Today in New Zealand we're observing Anzac Day - you can read more about it here. It's a day to remember all those who have served and died in all wars and conflicts, but was originally established to remember the ANZACs (Australian and NZ Army Corps) who fought at Gallipoli during World War 1.
It's traditional to wear a red poppy pin on Anzac Day and the days either side of it, because red poppies flowered in the fields of soldiers' graves in WW1, and the RSA has sold them to raise funds to support veterans. But I also like the idea of wearing a white poppy, which is a universal symbol of peace.
The white poppy was first introduced by the UK Women's Co-operative Guild in 1933 and is now sold by the Peace Pledge Union, as a pacifist alternative to the red poppy. Their motto is "War is a crime against humanity. I renounce war, and am therefore determined not to support any kind of war. I am also determined to work for the removal of all causes of war."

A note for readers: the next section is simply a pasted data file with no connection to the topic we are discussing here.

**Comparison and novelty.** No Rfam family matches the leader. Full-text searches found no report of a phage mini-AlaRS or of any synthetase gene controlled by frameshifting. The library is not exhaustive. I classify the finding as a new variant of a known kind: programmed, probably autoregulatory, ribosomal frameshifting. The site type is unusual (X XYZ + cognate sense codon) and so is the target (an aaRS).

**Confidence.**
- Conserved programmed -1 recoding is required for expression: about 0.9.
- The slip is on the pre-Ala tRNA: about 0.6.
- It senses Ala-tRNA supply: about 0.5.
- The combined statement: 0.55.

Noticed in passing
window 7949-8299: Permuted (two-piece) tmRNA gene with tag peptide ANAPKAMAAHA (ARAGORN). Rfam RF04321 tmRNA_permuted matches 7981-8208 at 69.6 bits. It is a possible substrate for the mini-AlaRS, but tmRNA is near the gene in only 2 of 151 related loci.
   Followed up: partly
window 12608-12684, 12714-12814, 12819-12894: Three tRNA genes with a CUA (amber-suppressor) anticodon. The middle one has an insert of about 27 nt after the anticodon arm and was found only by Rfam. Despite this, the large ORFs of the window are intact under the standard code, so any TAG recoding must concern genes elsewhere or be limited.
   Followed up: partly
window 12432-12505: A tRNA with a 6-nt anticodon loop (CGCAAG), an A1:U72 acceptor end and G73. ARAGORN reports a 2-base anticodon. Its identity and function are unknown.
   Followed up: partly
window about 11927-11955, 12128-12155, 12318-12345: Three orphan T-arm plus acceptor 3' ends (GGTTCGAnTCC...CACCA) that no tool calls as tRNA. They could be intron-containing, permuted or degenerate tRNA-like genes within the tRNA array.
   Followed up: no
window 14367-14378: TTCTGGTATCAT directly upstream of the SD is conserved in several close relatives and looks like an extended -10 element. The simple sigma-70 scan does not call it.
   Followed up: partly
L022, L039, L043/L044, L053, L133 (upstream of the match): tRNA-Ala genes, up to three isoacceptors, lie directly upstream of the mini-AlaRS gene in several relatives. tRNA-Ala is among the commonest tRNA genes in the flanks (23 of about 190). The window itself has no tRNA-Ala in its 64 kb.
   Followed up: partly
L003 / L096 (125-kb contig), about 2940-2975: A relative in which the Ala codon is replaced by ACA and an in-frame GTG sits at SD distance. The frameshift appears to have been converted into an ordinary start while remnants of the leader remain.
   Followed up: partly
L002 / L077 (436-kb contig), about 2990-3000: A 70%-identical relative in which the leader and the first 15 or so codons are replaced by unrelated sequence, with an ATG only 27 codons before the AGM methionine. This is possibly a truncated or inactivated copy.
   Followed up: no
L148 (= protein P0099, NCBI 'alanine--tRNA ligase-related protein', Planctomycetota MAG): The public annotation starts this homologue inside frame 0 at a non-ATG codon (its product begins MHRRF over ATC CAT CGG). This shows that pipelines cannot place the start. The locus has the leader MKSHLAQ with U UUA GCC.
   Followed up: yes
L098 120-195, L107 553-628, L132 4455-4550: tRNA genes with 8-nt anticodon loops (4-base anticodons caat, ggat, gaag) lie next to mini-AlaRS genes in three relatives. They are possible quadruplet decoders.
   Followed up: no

I was talking about this with my friend Pia the other day, and she said she had been working on some white poppy pins for her family to wear. I have taken that idea and made some pins myself - probably not as beautiful as Pia's, but simple enough for the kids to make some too.
In case you'd like to make some too, I've included a template (in pdf format so you can print it off and cut out) and some basic instructions below. You could of course also use the template to make red poppy pins. Or poppies of any colour, for that matter.
MAKING A WHITE POPPY PIN
Small pieces of felt (I used wool-blend) or any other fabric that doesn't fray too much, in white, black, and green.
Needle, pins, thread and scissors
Paper pattern template - download it here: poppy pin template.
Layer all the pieces, except the larger black piece, together to make the poppy and arrange the leaves behind the flower in a pleasing way. Use black thread to secure the layers together through the centre (I worked a number of French knots on the flower centre to secure everything together.)
Now take the larger black piece and, using small hand-stitches, sew it to the back of the poppy, covering up your previous stitches. Then sew the non-opening side of the safety pin to this backing piece. (See photo below).